Major Compartments And Fluxes Of The Hydrologic Cycle
Estimates have been made of the quantities of water that are stored in various global compartments. By far the largest quantity of water occurs in the deep lithosphere, which contains an estimated 27 × 1018 tons (27-billion-billion tons) of water, or 94.7% of the global total. The next largest compartment is the oceans, which contain 1.5 × 1018 tons, or 5.2% of the total. Ice caps contain 0.019 × 1018 tons, equivalent to most of the remaining 0.1% of Earth's water. Although present in relatively small quantities compared to the above, water in other compartments is very important ecologically because it is present in places where biological processes occur. These include shallow groundwater (2.7 × 1014 tons), inland surface waters such as lakes and rivers [0.27 × 1014 ton], and the atmosphere [0.14 × 1014 tons]).
The smallest compartments of water also tend to have the shortest turnover times, because their inputs and outputs are relatively large in comparison with the mass of water that is contained. This is especially true of atmospheric water, which receives annual inputs equivalent to 4.8 × 1014 tons as evaporation from the oceans (4.1 × 1014 tons/yr) and terrestrial ecosystems (0.65 × 1014 tons/yr), and turns over about 34 times per year. These inputs of water to the atmosphere are balanced by outputs through precipitation of rain and snow, which deposit 3.7 × 1014 tons of water to the surface of the oceans each year, and 1.1 × 1014 tons/yr to the land.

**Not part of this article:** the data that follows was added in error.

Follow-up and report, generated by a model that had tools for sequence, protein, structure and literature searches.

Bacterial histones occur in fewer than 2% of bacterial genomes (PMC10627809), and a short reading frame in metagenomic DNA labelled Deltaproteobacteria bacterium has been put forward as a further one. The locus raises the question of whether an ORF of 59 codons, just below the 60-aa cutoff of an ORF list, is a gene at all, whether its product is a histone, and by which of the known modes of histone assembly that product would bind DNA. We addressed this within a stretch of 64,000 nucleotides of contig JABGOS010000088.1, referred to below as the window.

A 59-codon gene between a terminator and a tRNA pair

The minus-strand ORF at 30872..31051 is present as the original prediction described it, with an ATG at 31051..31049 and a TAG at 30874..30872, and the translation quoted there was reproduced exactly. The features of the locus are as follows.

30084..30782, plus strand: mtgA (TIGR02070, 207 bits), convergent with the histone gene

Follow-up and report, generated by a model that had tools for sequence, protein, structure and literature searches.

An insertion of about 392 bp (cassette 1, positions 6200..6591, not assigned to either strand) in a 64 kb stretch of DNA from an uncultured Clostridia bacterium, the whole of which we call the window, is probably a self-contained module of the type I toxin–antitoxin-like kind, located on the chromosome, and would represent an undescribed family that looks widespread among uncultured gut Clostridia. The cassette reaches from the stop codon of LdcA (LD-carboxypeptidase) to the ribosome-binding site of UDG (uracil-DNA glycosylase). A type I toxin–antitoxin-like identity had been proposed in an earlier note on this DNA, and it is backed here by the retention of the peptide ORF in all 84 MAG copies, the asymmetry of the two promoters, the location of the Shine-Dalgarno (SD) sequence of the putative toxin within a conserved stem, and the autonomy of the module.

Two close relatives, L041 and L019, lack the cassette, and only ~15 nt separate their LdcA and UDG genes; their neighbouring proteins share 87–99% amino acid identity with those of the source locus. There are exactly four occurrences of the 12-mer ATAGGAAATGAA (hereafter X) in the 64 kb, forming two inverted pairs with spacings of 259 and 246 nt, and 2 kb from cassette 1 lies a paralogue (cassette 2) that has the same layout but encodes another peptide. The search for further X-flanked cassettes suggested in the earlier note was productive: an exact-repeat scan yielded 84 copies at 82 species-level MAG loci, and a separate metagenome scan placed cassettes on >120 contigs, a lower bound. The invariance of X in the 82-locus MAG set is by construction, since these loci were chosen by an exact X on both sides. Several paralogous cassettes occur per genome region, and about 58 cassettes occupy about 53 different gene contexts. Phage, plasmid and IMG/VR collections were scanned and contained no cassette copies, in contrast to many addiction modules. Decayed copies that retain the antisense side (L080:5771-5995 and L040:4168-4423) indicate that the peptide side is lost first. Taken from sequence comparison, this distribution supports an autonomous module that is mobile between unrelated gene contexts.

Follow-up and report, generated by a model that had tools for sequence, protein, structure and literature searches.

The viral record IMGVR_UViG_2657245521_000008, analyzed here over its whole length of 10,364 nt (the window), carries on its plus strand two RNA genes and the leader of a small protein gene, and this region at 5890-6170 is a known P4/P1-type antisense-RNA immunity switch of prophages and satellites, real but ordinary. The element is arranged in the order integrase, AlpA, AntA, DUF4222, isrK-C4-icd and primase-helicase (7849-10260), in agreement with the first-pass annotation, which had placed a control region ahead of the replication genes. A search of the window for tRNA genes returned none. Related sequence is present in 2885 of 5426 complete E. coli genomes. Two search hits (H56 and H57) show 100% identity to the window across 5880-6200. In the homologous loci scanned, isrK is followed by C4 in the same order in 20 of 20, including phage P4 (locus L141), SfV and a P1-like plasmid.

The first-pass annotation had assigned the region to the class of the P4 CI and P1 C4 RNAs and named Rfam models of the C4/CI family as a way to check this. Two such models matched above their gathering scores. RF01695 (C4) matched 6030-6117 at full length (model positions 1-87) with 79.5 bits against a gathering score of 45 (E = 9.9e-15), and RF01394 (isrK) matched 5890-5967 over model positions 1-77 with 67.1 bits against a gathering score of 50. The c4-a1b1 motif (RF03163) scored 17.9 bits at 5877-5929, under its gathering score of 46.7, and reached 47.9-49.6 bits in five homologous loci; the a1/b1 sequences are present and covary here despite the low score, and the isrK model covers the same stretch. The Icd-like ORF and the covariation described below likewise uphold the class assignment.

These data suggest that the continents receive inputs of water as precipitation that are 67% larger than what is lost by evaporation from the land. The difference, equivalent to 0.44 × 1014 tons/yr, is made up by 0.22 × 1014 tons/yr of runoff of water to the oceans through rivers, and another 0.22 × 1014 tons/yr of subterranean runoff to the oceans.
The movements of water in the hydrologic cycle are driven by gradients of energy. Evaporation occurs in response to the availability of thermal energy and gradients of concentration of water vapor. The ultimate source of energy for virtually all natural evaporation of water on Earth is solar electromagnetic radiation. This solar energy is absorbed by surfaces, increasing their heat content, and thereby providing a source of energy to drive evaporation. In contrast, surface and ground waters flow in response to gradients of gravitational potential. In other words, unless the flow is obstructed, water spontaneously courses downhill.
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